The name of Vauban might not readily roll of the tongues of most Irish people, but if you’ve travelled in France at all, you will be familiar with his work. Conor Power went on a voyage of discovery of this remarkable historic figure
We began the day with a search for cigarettes. Having just arrived in France and found that my debit card was mysteriously blocked, a very generous host stopped at a village on the way and bought me a packet of fags. I’m not much of a smoker but I do maintain the filthy habit when I’m travelling. Maybe it makes me feel more like a man or more like a Frenchman – I’m not sure…
In any case, we were soon back on the road to follow the trail of one of the most interesting figures in French social and military history – Sébastien Le Prestre de Vauban (aka Seigneur de Vauban and Marquis de Vauban).For anyone who has visited France – no matter what the occasion – they are very likely to have come across the works of this great man. You know all those magnificent star-shaped fortresses and citadelles you come across all over the country? Vauban was the man who designed them. My first time to marvel at the work of Vauban was in the town of Blaye. The municipal campsite here is set in the Vauban-designed citadel of this town, overlooking the Gironde estuary north of Bordeaux, where I had a memorable stay over 20 years ago.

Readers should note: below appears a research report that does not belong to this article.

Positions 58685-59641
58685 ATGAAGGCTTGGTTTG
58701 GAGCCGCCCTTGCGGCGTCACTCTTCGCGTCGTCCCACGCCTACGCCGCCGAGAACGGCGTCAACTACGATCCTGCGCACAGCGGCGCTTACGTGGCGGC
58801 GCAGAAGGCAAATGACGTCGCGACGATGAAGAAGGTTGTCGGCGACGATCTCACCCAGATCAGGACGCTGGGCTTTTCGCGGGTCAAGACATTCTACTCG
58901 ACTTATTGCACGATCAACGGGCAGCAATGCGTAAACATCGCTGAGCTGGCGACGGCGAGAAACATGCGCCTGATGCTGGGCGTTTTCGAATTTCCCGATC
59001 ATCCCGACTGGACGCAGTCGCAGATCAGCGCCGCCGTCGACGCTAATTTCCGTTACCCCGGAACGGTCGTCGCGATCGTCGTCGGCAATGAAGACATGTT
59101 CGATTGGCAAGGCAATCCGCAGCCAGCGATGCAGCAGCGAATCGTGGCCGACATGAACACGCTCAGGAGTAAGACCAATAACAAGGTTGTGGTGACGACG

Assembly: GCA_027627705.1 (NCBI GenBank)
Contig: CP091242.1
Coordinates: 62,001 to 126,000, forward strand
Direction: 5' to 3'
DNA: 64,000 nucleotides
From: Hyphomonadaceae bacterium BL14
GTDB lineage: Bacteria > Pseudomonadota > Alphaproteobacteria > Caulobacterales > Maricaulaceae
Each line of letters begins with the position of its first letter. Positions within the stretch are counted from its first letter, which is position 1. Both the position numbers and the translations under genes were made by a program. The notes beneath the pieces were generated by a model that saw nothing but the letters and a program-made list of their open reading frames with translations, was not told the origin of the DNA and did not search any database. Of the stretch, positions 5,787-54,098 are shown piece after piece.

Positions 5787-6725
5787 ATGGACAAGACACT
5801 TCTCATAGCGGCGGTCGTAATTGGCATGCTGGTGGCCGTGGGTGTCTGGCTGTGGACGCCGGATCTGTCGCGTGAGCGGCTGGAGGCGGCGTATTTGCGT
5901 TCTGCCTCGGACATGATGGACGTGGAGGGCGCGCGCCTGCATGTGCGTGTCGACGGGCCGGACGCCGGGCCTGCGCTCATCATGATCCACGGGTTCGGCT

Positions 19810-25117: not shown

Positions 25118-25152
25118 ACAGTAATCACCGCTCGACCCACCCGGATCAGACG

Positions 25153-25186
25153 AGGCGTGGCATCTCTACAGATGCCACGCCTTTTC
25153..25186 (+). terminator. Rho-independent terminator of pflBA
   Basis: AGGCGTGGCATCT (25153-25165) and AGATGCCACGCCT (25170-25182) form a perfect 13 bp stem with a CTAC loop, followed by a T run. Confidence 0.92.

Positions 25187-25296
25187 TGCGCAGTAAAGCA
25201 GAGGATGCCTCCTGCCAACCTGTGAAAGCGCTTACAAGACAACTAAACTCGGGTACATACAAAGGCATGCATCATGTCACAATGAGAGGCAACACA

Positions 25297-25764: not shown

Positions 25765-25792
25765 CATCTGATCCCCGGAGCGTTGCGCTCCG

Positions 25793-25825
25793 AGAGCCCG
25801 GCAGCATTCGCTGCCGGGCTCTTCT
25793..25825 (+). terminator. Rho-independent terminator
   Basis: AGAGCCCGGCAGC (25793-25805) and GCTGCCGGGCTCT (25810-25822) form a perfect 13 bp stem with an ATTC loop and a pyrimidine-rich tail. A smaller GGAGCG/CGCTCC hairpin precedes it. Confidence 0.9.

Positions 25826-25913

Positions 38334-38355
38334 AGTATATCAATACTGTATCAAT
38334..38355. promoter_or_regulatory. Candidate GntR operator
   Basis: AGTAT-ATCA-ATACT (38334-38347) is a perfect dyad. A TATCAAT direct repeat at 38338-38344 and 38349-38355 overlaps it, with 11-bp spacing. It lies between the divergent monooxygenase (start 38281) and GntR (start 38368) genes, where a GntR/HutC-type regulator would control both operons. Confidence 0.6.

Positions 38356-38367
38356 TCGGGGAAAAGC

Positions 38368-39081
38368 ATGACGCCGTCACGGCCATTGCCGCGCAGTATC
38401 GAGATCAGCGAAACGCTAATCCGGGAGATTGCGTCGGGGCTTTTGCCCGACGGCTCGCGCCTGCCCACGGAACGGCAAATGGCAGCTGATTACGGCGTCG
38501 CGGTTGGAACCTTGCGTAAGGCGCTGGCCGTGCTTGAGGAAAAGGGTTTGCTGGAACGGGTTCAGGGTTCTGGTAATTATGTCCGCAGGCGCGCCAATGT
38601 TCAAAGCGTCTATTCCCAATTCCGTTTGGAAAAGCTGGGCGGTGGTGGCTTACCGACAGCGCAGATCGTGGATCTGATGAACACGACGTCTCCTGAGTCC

Since then, his name has popped up all over France and it seemed that no fortress was built in France without his involvement. Between 1667 and 1707, he was responsible for building and/or upgrading some 300 fortresses around the country. His star-shaped designs, while not entirely original (they were based on Italian ideas and fortresses), became his trademark. He was a renowned military strategist who became an expert in fortification design for both defending and attacking.His methods of attack were designed to take besieged towns in the minimum amount of time and – most importantly for him – with the minimum amount of blood loss. Vauban came from a very modest background and had a strong empathy with the common soldier. For most military officers at that time, the common soldier was a usable commodity; cannon fodder if you like. The measure of success of a military operation was normally counted in losses of men. Not for Vauban, however, who was always determined to use “more gunpowder and less blood”.
His stunning success brought him to the attention of the King of France – Louis XIV, also known as the Sun-King (le Roi-Soleil). They hit it off famously and enjoyed a strong professional relationship that became one of friendship over time. Louis XIV gave Vauban the job of fortifying the country against attack from the country’s various enemies. Vauban set about the project with zeal. His recommendations included surrendering some sections of territory to their neighbours which were too difficult to defend and his methods of attack involved the use of zig-zag patterns that allowed troops to advance in trenches that gave them protection. He was also the first to make strategic use of ricochet cannon-fire to get past defences.